Recent news reports indicate that in response to the coronavirus pandemic, some physicians are inappropriately prescribing medications (including chloroquine, hydroxychloroquine, and azithromycin) to prevent or treat COVID-19 for themselves or their family members, and that some pharmacies and hospitals may be stockpiling these medications in anticipation of future demand.
In the midst of a national emergency, it is essential that the nation’s health care providers carefully follow established guidance and clinical evidence in making decisions regarding prescribing, and that patients with appropriate needs have access to approved medications.
Physicians, pharmacists, pharmacies, and hospitals have an ethical duty to put the needs of patients first, and this includes observing strict prescribing guidelines. On March 28, the Food and Drug Administration issued an Emergency Use Authorization (EUA) for use of oral formulations of chloroquine phosphate and hydroxychloroquine sulfate. The authorization allows these medications to be prescribed by doctors for hospitalized adult and adolescent patients “for whom a clinical trial is not available, or participation is not feasible.” Physicians should avoid prescribing for themselves or their family members and should be aware that deviating from the standard of care could put their medical license at risk.
Pharmacists should exercise their professional judgment in ensuring the safe and appropriate dispensing of medications, including making reasonable inquiries of prescribers. Pharmacies and hospitals should refrain from inappropriate stockpiling of these medications — which may dangerously limit their availability for patients who may ultimately need such medications and for those with conditions other than COVID-19.
The FSMB and the NABP have both established COVID-19 web resource pages, and we encourage physicians, pharmacists, hospitals, and other organizations with questions about prescribing, licensing, and other regulatory matters to visit:
As the national organizations representing state and territorial health regulatory boards in the United States that regulate the practice of medicine and pharmacy, we applaud the efforts of the nation’s health professionals who are capably responding to this national crisis, while urging greater adherence to safe and ethical prescribing and dispensing practices as the COVID-19 pandemic continues.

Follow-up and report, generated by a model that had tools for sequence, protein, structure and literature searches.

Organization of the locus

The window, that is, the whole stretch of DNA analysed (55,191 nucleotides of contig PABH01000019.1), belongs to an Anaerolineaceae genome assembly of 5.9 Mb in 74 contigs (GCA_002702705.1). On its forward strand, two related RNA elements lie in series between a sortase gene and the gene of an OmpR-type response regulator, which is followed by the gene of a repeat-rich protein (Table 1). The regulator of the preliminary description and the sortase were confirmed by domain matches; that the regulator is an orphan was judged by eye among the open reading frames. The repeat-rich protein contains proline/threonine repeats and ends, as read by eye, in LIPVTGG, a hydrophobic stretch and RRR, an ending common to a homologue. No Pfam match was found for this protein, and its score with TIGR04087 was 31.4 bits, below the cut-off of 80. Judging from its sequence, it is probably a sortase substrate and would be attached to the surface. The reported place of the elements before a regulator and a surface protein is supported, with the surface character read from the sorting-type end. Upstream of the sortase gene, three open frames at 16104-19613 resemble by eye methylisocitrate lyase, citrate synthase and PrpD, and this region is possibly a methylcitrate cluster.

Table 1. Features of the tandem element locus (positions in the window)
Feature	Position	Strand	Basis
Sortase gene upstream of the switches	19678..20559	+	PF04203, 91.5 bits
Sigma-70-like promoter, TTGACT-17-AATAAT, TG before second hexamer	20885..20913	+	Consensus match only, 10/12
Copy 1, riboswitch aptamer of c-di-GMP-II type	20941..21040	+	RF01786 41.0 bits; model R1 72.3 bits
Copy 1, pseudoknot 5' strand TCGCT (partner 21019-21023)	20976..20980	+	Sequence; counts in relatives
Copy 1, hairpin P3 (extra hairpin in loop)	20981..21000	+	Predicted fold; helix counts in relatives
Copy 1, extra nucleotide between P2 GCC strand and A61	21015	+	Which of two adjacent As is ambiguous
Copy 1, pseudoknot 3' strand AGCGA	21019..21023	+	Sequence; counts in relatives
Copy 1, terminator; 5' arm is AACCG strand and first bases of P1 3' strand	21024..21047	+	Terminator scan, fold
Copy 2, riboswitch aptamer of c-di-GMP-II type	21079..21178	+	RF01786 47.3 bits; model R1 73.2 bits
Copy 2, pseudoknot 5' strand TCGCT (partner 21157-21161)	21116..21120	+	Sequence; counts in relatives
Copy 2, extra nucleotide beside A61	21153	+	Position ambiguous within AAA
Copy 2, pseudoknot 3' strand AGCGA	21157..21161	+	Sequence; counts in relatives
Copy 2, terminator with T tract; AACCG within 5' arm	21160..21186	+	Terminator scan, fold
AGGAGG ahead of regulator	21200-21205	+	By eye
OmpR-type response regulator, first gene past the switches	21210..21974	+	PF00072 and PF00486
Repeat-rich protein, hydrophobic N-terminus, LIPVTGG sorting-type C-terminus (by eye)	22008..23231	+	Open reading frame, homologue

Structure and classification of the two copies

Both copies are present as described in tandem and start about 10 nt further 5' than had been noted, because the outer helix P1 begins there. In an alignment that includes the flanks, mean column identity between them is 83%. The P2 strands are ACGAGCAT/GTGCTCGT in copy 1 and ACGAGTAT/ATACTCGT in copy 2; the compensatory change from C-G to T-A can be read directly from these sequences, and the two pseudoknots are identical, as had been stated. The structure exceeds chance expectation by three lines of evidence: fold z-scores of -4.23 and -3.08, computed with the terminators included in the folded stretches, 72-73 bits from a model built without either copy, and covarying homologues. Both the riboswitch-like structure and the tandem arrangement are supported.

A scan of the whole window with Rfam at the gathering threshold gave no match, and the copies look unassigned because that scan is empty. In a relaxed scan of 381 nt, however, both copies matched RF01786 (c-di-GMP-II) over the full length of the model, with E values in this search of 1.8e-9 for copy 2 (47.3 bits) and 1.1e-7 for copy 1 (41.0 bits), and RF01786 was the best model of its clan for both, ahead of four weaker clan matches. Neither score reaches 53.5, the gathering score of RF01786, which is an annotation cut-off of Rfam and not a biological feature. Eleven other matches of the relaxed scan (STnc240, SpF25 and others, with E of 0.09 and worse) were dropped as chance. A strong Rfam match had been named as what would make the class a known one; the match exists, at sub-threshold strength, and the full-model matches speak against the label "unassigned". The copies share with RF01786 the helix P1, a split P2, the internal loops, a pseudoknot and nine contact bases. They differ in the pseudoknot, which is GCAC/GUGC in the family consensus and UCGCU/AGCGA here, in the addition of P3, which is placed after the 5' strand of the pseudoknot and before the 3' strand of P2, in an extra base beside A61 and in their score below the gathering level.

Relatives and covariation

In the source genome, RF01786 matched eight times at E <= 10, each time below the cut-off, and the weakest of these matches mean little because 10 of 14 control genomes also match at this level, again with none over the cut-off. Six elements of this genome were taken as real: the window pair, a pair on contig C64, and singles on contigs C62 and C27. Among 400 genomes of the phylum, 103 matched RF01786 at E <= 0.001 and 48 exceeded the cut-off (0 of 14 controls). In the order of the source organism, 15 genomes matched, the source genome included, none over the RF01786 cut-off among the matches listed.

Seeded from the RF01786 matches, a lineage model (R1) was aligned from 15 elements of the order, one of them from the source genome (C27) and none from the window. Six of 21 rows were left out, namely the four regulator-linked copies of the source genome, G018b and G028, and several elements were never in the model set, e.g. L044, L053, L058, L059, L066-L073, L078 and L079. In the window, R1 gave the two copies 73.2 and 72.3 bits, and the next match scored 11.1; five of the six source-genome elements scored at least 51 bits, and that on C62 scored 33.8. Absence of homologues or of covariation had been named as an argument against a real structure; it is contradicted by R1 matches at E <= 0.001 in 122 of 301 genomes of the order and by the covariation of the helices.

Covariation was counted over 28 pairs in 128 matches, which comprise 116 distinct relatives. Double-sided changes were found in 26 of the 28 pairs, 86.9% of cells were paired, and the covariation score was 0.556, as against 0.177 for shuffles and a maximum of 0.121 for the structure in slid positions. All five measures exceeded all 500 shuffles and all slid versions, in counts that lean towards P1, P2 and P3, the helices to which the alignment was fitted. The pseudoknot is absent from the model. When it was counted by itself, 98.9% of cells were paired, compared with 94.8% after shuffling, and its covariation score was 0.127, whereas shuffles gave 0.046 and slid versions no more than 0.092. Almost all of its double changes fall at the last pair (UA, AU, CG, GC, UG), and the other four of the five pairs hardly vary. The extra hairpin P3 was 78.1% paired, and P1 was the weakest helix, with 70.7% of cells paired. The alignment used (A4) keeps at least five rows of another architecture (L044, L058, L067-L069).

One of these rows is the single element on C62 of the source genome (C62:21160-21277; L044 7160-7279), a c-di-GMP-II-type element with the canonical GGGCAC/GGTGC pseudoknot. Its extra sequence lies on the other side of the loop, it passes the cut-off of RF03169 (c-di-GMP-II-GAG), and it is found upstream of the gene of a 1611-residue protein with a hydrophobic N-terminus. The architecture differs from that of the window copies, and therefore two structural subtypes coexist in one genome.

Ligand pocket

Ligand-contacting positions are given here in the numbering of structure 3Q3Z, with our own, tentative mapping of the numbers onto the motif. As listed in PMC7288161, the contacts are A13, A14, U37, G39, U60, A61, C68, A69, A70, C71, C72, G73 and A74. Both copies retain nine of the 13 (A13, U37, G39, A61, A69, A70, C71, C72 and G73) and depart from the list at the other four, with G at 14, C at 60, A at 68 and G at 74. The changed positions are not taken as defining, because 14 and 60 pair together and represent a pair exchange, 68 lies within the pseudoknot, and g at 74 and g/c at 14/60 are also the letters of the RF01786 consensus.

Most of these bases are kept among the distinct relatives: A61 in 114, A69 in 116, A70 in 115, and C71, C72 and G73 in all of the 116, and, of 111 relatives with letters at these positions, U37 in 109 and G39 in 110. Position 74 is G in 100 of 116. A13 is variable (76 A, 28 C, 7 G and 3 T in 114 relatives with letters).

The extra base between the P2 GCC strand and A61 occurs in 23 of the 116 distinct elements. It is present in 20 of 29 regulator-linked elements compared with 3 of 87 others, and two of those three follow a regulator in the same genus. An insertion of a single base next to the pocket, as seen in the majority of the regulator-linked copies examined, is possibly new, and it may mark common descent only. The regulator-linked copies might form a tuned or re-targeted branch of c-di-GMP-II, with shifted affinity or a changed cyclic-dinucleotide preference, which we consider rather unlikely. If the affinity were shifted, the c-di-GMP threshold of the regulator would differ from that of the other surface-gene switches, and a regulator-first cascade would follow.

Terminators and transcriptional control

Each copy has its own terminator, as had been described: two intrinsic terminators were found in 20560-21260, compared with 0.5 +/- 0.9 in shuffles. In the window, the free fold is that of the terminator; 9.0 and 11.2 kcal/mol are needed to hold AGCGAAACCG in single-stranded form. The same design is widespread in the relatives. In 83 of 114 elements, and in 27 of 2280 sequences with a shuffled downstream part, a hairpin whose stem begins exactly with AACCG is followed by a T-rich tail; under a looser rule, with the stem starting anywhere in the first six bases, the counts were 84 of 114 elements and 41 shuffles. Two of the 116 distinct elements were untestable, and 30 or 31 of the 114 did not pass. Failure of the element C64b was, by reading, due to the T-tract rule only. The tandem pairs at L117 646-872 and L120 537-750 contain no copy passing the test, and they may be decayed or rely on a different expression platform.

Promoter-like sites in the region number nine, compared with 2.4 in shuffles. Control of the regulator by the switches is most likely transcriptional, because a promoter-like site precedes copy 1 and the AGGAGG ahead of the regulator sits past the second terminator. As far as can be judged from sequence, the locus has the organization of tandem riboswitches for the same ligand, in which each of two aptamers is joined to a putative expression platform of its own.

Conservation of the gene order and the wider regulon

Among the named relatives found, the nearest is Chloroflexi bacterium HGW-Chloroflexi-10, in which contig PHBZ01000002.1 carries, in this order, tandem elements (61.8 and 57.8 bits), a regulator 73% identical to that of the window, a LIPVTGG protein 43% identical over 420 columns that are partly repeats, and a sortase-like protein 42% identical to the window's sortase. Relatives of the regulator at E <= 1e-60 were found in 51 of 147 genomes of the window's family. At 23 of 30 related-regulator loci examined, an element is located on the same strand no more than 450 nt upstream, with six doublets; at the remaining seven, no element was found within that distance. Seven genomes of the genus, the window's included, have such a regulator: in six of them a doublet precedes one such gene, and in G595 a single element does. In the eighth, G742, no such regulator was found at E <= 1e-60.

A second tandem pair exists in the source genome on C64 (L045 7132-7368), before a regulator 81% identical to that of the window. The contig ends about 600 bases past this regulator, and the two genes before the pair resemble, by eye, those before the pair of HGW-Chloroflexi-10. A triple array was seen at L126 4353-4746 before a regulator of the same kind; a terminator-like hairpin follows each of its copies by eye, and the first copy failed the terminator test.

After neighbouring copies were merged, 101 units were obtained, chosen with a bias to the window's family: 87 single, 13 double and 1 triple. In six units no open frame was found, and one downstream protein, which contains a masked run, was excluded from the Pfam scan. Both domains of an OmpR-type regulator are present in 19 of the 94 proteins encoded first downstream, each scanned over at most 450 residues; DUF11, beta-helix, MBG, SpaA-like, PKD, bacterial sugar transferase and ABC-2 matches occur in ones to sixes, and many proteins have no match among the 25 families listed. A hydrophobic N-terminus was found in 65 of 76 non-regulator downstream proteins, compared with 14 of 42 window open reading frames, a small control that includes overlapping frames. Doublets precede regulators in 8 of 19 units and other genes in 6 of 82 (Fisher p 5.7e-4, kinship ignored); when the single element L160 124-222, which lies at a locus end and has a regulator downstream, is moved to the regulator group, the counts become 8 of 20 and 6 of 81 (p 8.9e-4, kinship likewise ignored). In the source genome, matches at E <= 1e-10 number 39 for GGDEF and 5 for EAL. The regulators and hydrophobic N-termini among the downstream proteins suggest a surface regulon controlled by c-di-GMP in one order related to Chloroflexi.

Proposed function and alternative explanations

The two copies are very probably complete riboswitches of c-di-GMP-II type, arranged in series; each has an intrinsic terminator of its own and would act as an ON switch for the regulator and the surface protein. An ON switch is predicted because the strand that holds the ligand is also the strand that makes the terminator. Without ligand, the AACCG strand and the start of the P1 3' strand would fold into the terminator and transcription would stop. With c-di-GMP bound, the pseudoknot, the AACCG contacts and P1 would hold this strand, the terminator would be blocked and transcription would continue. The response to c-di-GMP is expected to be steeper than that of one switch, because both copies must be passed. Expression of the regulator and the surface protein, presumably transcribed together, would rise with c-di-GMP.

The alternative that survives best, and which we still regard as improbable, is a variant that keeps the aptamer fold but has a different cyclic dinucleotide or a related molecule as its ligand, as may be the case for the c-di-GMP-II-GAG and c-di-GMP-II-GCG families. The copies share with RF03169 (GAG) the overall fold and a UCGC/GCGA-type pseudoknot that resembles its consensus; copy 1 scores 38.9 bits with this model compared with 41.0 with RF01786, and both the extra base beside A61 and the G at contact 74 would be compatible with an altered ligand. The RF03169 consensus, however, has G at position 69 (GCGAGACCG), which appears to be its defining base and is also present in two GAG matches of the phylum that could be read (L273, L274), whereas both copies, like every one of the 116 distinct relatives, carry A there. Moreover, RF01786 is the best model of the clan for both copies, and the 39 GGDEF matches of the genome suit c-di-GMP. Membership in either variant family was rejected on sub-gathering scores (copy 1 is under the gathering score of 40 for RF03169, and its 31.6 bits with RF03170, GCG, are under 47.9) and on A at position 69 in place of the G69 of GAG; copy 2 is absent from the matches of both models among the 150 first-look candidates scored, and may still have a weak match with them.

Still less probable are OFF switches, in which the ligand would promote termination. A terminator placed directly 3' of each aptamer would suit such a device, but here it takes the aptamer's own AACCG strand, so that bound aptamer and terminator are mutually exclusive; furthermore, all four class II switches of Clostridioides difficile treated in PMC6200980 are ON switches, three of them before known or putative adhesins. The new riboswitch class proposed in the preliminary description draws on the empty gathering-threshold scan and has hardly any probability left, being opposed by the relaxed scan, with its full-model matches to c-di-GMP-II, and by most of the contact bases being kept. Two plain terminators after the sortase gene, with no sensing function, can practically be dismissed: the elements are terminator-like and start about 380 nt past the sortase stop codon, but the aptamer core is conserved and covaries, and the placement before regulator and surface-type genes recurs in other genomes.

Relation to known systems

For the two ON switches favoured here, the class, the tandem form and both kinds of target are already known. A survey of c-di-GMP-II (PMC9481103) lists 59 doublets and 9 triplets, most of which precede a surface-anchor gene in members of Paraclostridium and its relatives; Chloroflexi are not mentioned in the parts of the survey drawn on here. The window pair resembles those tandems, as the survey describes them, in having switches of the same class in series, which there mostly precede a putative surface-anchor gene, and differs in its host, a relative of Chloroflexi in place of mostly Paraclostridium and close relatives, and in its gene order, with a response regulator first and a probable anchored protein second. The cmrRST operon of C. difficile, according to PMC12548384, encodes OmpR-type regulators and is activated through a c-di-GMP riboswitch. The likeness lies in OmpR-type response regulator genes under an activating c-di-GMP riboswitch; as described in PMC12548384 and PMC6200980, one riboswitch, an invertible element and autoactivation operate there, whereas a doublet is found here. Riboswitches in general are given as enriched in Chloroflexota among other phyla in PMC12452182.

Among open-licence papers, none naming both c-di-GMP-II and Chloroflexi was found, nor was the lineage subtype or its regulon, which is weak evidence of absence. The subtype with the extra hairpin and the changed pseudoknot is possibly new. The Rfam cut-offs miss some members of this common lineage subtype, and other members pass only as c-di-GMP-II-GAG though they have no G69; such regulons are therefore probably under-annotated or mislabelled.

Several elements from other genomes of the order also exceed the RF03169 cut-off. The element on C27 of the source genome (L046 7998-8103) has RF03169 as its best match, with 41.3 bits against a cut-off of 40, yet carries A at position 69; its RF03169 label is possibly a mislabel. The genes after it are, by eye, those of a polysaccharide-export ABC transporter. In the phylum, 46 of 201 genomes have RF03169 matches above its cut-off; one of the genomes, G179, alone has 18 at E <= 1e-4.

About the National Association of Boards of Pharmacy:
Founded in 1904, the National Association of Boards of Pharmacy (NABP) aims to ensure the public’s health and safety through its pharmacist license transfer and pharmacist competence assessment programs, as well as through its VIPPS, VAWD, and DMEPOS accreditation programs. NABP’s member boards of pharmacy are grouped into eight districts that include all 50 United States, the District of Columbia, Guam, Puerto Rico, the Virgin Islands, Bahamas, and all 10 Canadian provinces. The Association is governed by its Executive Committee, whose officers and members are elected during the Association’s Annual Meeting.
About the Federation of State Medical Boards:
The Federation of State Medical Boards (FSMB) is a national non-profit organization representing the 71 medical boards within the United States and its territories that license and discipline allopathic and osteopathic physicians and, in some jurisdictions, other health care professionals. The FSMB serves as the voice for state medical boards, supporting them through education, assessment, research and advocacy while providing services and initiatives that promote patient safety, quality health care and regulatory best practices. The FSMB serves the public through Docinfo.org, a free physician search tool which provides background information on the nearly 1 million doctors in the United States. To learn more about FSMB, visit www.fsmb.org. and follow FSMB on Twitter (@theFSMB).